party they’d been to. One had started  off drinking double gins and tonic, which at £9 a go were quite expensive, so he’d only had 12. When the second had tried to order a round of 36 shots (at £6 each), the bartender had refused so he’d had to order six lots of six instead. Neither of them remembered getting home. I’d have loved to know what they did for a living.

tubeOn the Tube, two recent graduates were comparing college notes. One had studied accounting, the other politics and philosophy. Both had gotten a 2.1
(about 62%) without having attended one lecture in their first year. First-year
university is, by all accounts, a waste of academic time. As they went on to discuss their career plans, the future philosophic politician wished he could go
back and tell his 15-year-old self not to get his ears and nose pierced. The blessings of hindsight.

Each time I checked to see how other passengers were reacting. And each
time they were all, without exception, plugged into a different world. Suddenly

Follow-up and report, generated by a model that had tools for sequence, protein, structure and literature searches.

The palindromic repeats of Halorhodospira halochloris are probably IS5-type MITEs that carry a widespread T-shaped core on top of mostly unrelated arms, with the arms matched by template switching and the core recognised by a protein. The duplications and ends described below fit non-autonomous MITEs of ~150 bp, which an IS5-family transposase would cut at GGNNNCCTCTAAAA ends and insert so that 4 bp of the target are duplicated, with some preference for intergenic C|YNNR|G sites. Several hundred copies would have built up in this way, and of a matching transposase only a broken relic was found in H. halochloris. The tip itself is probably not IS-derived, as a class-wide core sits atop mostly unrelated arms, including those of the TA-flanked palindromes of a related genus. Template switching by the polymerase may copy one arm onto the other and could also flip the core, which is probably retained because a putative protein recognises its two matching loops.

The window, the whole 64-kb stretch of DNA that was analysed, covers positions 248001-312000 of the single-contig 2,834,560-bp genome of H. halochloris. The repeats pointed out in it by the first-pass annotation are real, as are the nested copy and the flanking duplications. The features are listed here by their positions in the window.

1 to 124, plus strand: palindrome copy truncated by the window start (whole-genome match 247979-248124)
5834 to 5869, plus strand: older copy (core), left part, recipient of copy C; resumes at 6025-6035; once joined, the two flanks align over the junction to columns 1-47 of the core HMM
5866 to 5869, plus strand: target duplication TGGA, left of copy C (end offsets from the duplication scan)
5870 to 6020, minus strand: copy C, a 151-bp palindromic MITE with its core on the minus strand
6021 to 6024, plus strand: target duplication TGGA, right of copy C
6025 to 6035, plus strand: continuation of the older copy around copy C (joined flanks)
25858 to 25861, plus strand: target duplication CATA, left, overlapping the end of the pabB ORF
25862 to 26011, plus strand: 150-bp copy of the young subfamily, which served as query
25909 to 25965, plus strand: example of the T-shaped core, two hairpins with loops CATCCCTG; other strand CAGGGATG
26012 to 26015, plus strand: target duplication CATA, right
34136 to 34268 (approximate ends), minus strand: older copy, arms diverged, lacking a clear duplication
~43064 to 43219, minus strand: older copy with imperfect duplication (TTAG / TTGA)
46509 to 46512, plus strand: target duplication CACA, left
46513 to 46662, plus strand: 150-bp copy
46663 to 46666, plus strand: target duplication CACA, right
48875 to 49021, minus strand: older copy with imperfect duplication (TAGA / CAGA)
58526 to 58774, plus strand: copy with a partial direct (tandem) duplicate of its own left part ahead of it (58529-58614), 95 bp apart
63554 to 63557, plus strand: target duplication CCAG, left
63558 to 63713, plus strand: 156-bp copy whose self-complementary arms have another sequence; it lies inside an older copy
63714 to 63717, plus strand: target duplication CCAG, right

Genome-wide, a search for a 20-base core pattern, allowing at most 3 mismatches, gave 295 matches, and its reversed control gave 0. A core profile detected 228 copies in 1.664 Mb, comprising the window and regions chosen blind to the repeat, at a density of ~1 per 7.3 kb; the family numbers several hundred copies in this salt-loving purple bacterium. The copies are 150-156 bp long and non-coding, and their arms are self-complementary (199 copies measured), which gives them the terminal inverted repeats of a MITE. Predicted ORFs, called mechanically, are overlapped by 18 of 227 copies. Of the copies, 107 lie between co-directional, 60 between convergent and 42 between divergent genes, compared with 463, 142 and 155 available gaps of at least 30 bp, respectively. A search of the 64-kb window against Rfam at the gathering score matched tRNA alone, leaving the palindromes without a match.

the whole iPod phenomenon started to make sense.

These overheard snippets of conversation are hardly indicative of the declining
morals of the greater London public. In and  of themselves, they’re unlikely to be a barometer of the waning standards of general conversation. And when taken in the grand scheme of things, they did little more than prompt me to offer a silent prayer of thanks that in Budapest I’m spared such inanities. Yes, similar conversations might well take place but I have the advantage of not speaking the language.

First published in the Budapest Times 4 July 2014

Saps and saplings

I have amused myself to the point of inanity in recent months trying to work out a pattern to BKV’s seemingly random staffing of controllers at my local metro station. Just when I felt I was on the brink of some major discovery, after nearly five months of mental note-taking and complex calculations, they’ve disappeared. And they left without even saying goodbye. For two days now, I’ve had to brave the escalators into the wider world without their customary cheery jó reggelts and köszönöms. I feel like my right arm has been cut off… the one that’s itching to wear one of those armbands.